The National Plan – it holds almost a mythical status in our discourse about our future, and has a multiplicity of meaning. These meanings are layered with deep ideological, class, race, gender and many other chasms that are the South African reality. The idea that closes this chasm is that with a national plan, we will find common ground to face the deep and structural reasons that make us a country with staggeringly high rates of unemployment and inequality. We are placing our future hopes on a national plan, that the National Planning Commission (NPC)has been tasked to develop. In placing such a huge burden on the commission, the quietness of the NPC to outline a process towards meeting this goal is disappointing.
It is also understandable in that the NPC is doing something that we have not done before. The task is after all formidable one to both:
unite society behind a programme,
and at the same time develop a deliberate strategy to overcome the structural nature of unemployment, inequality and low economic growth.
With such an important task, the NPC has however failed to mobilise it’s most important resource – the people of South Africa. The process currently fails to galvanise the energy of citizens to begin developing inputs and to organise and mobilise behind their perspectives. The process of developing the “vision statement” must be consultative at the outset, and not a product of process involving just the commissioners and experts. Importantly, I do not think that the NPC would disagree with the core principle of participation. What is at issue is whether public involvement happens sooner or later. I argue it should happen immediately.
What the NPC should be doing?
What then should the NPC be doing? The NPC should be immediately doing three things.
Involve people immediately. This would require setting up systems for citizens to contribute to the NPC in a meaningful way, and in the organisational forms of their choosing. This deepens democracy and advances our intrinsic values of a “people’s democracy”. At an instrumental level, it creates a legitimate and open process. As we know from our history, people participating in the process become the strongest advocates of ideas that they have helped shaped.
The NPC must listen. For some the NPC are like sages that will deliver answers. This is not the role of the NPC. Instead, it must search for the answers in society. Fortunately, there is an abundance of ideas in our society. Yet, the question remains whether we are providing a platform for the idea creators to share their solutions and contribute to the national plan. Importantly, this process requires openness and transparency to catalyse innovative thinking and effective implementation. This brings the advantage of multiplying ideas, and after that weeding out the bad ideas, and seeding the good ones. Importantly, this process creates the prospects for shaking the proverbial hegemony of ideas in our society, by unleashing the talents of South Africans outside of the current organisations that dominate our discourse.
The NPC must release early and release often, to use a term from software development. I doubt that anyone has a view that the national plan is an event where the President simply announces it. Instead, everyone agrees it is a process. The real question is around what that process should be. I would argue that the NPC should be presenting a set of options on an important issue, and asking for advice, criticism and calling for alternatives. To do this, it must release documents often and early, so that it involves people, builds trust and field-tests ideas and their programmatic elements.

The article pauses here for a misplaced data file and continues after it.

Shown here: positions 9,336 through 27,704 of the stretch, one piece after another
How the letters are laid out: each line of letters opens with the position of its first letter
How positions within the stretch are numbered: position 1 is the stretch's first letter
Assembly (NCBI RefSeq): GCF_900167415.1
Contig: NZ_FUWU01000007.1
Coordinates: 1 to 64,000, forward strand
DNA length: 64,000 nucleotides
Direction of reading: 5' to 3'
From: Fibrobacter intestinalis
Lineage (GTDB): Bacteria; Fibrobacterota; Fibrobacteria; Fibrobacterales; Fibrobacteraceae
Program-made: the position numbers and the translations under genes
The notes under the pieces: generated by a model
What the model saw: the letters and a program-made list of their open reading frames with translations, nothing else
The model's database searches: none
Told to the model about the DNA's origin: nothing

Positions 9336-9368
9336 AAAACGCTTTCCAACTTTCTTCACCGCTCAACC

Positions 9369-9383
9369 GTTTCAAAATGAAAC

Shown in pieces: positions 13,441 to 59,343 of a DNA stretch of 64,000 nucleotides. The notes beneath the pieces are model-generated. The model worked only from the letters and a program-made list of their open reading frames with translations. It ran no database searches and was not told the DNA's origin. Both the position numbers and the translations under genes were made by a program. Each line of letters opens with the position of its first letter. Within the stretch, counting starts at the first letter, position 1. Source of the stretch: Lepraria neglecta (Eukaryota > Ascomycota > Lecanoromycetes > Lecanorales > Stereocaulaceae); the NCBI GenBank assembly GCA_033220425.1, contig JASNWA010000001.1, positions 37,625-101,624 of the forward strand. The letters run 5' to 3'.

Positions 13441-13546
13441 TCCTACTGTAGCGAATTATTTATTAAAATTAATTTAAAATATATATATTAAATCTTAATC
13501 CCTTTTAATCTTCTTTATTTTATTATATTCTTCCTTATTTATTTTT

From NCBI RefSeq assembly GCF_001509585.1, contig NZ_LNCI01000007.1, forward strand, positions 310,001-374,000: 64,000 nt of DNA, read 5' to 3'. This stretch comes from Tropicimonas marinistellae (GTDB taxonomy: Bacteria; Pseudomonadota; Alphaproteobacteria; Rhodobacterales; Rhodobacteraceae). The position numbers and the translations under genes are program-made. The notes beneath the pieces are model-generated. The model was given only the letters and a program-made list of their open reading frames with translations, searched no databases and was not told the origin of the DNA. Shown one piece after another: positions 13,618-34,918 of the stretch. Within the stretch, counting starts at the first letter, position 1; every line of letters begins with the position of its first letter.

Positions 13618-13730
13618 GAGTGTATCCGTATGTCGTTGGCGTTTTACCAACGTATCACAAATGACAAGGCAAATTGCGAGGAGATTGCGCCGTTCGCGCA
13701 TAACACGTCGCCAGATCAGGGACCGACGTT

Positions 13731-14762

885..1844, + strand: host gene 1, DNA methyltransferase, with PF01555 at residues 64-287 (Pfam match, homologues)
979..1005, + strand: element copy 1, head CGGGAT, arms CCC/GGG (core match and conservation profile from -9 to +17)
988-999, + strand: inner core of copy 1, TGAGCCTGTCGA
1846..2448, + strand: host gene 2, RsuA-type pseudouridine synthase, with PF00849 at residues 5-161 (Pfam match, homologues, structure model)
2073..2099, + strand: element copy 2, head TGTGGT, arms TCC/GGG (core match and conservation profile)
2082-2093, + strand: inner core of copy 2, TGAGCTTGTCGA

Too some a democratic process for the National Plan is a non-starter, given the deep divides in our society. However, the process itself could provide for a deepening of democracy, an assessment of ideas, and a bridge across our traditional divides. Obviously, government must take decisions at the end of the day, and ensure implementation. The way it develops policy however is important to building support around a vision for our country. More to the point, through assessing all the options it helps in choosing policy options that will challenge the underlying power relations that underpin inequality and unemployment.Ultimately, are we as a society comfortable with handing over our futures, without participating in it? The overwhelming answer is that not only are we uncomfortable with such a state of affairs, as a society we would welcome and cherish the opportunity to shape our collective future.
The presentation is based on a paper I co-authored with Miriam Altman in 2007. The paper is downloadable below.
[download id=”8″] Ed note – This is the first presentation ever using the name Zapreneur. Thanks to the audience for some awesome feedback and constructive comment on the presentation, and on Zapreneur.
In his Budget speech, Minister of Finance Pravin Gordhan made specific reference to creating safer communities. While we welcome the increases to the budget allocation, we await to see how the department of Police and Justice and Constitutional Development will spend it.
With the technological revolution, we are fast becoming “online communities” and we are also seeing more crimes perpetrated using advanced technology. As online spaces are also becoming unsafe (a reflection of what is happening in our society), especially for young girls and women, we need our police and justice system to respond to the challenges. Perpetrators of gender based violence are increasingly using technology to lure, track, monitor and stalk women and girls. Continue reading “Safety for Women – The allocations are there, what about implementation?”